I lived in the Liberties, a working class part of Dublin, for over two years and used to see the man pictured above on a daily basis. I remember how he would walk up and down the isles of John’s Lane Church on Thomas Street while grunting something under his breath. In the middle of mass, he would sometimes walk up close to the alter and yell something explicit. He would wave his hands frantically and then just sit down. People generally ignored him and didn’t go near him.
The man pictured above was always a very curious case to me. He used to just stare at me with an inquisitive look while I entered John’s Lane to pray. He was always in the church and never said anything mean or tried to harm me. I always felt that he wanted to talk to me.
When he walked, he did so sluggishly and with a slight limp that veered down and to the right. He always wore the same rough navy blue jacket, which reached down to his ankles. His bright white messy hair was always flailing and his beard looked like something straight out of the Old Testament. He also always carried a Dunnes shopping bag in one hand and a stack of newspapers in the other.
I just stumbled across a beautiful article about his life on the Irish Times. I want to share with you parts of it in a tribute to this unforgettable man.
I learned in the article that Ned Delahunty used to sleep in a sheltered alcove on Oliver Bond Street. This surprised me as I never thought Ned was without home. He never begged or asked for anything. While his clothes weren’t great, they also weren’t all that bad either. The fact that Ned was homeless for over twenty years only adds to his legend.
The children of the Liberties called him “Moses” or “Santy,” after Santa Clause because nobody knew his real name. He was intensely private and refused support from others, as noted by the Times: “He kept people at a distance. Anyone who offered help or approached him out of the blue – care workers, priests or locals – could either get a gruff ‘thank you’, or else get drowned in a hail of expletives.”
Ned’s character becomes even more mysterious when we consider the days following his recent passing at the age of 83. His funeral was delayed for nearly two months in order to allow time for family members to come forward, though the gardai were unable to find anyone.
Just yesterday, however, 150 people showed up to John’s Lane to say their goodbyes.
Jane Forde, a local nun who stayed with Ned during his last days at St. James hospital, felt that his life showed a different and perhaps surprising side to many of Irish society: “You know, people say the country is banjaxed and that we’re a less caring society,” she noted, “but the care and offers of support he got from people shows another side to society. He taught us about the need for compassion and the importance of reaching out to people in need.” The Times adds that “[p]eople who helped him tended to offer support in subtle ways: outreach workers from various charities often left food or blankets outside his doorway; at the charity shop where he bought clothes, they would put aside items they felt he might want or need; others might leave money under his blanket if he was asleep.”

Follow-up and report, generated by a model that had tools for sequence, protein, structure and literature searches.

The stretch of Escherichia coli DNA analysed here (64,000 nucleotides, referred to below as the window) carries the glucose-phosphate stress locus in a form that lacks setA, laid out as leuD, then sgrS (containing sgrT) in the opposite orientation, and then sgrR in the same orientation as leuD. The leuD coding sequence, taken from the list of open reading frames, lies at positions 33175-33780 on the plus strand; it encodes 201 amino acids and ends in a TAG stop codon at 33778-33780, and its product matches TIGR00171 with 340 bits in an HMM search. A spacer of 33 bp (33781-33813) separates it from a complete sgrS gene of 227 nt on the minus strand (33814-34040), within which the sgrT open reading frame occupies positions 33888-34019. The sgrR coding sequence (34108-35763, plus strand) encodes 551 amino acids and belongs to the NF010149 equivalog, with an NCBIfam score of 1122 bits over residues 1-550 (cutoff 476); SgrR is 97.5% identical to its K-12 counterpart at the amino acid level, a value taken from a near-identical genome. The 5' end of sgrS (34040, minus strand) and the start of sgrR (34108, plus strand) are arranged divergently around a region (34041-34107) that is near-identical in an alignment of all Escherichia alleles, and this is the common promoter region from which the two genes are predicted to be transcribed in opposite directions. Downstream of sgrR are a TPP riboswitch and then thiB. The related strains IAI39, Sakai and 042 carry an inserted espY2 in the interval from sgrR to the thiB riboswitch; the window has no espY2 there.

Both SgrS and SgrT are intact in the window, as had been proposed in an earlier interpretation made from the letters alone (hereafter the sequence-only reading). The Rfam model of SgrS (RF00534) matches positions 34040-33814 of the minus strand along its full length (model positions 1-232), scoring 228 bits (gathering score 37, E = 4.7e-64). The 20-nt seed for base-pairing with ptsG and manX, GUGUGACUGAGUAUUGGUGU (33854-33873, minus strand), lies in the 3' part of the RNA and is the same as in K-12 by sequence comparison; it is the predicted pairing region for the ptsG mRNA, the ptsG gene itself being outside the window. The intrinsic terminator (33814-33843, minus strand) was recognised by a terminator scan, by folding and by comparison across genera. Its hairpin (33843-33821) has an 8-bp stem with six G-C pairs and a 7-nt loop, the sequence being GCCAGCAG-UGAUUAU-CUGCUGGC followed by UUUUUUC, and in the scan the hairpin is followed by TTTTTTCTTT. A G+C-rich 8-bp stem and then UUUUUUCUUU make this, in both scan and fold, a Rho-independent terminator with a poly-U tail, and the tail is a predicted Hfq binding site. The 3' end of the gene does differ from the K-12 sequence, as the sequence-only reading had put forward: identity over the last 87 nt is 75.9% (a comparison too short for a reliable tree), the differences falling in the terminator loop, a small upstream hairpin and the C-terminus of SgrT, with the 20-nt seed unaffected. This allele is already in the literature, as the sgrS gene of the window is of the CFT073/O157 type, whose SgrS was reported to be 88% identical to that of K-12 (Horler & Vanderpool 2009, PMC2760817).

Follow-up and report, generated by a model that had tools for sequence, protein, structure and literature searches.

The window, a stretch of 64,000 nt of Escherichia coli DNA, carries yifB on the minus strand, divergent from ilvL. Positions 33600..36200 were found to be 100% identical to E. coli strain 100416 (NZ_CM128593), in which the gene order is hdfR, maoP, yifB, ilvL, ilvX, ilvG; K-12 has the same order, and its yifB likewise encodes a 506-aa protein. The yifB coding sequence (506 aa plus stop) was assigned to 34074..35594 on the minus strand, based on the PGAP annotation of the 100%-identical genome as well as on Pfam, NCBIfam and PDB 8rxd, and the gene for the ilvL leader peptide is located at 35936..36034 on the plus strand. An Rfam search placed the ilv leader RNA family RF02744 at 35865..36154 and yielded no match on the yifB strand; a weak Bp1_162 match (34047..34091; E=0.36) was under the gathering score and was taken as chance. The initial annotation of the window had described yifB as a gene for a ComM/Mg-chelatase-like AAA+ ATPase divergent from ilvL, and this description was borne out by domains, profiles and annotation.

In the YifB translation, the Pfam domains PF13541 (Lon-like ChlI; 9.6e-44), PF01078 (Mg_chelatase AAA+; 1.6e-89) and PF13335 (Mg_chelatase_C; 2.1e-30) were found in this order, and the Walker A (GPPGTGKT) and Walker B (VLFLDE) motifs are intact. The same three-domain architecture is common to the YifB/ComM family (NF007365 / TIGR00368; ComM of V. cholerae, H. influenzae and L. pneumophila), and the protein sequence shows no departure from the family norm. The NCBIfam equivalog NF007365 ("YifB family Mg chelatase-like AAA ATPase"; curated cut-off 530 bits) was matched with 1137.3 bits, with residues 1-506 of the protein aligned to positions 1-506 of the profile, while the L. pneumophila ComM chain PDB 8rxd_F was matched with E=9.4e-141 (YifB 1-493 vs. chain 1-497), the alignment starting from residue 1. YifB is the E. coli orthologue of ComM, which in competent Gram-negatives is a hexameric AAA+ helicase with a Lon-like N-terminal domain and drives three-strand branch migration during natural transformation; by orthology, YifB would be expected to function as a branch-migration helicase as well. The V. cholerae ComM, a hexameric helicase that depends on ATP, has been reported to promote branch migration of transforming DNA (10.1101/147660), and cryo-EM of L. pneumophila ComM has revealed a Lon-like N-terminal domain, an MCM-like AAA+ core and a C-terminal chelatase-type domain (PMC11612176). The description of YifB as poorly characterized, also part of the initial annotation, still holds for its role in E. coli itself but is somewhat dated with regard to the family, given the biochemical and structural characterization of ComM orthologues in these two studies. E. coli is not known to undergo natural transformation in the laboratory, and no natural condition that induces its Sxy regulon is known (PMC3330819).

For Teresa Hogan, another local of the Liberties, Ned always seemed “well-educated or well brought up. He was so clean and so independent. He would dress neatly and tidy up after himself. I don’t know, there was just something about him. And his skin – his skin was beautiful.”
During his last days at St. James hospital, where he was diagnosed with terminal cancer, Ned Delahunty finally spoke with Jane Forde. He said to her: “you’re the woman who gave me the walking stick.”
In his final moments, as noted in the Times, Ned took a turn for the worse. “I held his hand – and he didn’t push me away,” said Forde. “At one point, I think he asked me, ‘Do you think I’m going to die’ . . .”
Forde told the Times that she felt “privileged to be able to sit and hold his hand each night, even though he had kept many of us at a distance for so long.”
Another local of the Liberties, Julie Howley, puts Ned’s life and passing into perspective: “I feel that his one story throws up the real challenge of our time,” she says. “As a society we share a responsibility to challenge the systemic issues that stack the odds against certain people and lead to them living, and sometimes dying, in appalling conditions.” Howley concludes that “it is also our job to enable the individual’s story to be heard so that they won’t be just a statistic but a real and full human being.
I felt some strong emotions when reading about Ned’s life. I felt a great deal of sadness, but also a large amount of happiness and relief. In one way, Ned’s life shows how low society can be in the sense that an old man can be left alone to the streets. Yet perhaps Ned lived the life he wanted to live. Maybe he was just ferociously independent and wanted to be left alone. If that’s the case, more power to the man for showing extreme courage and strength.
Ned’s story isn’t necessarily a sad one. The fact that people cared for him in his twenty years on the streets is a clear sign that compassion and generosity still exists in our increasingly dehumanizing society.
Rest in Peace to Ned Delahunty, the unforgettable man I used to see on Thomas Street.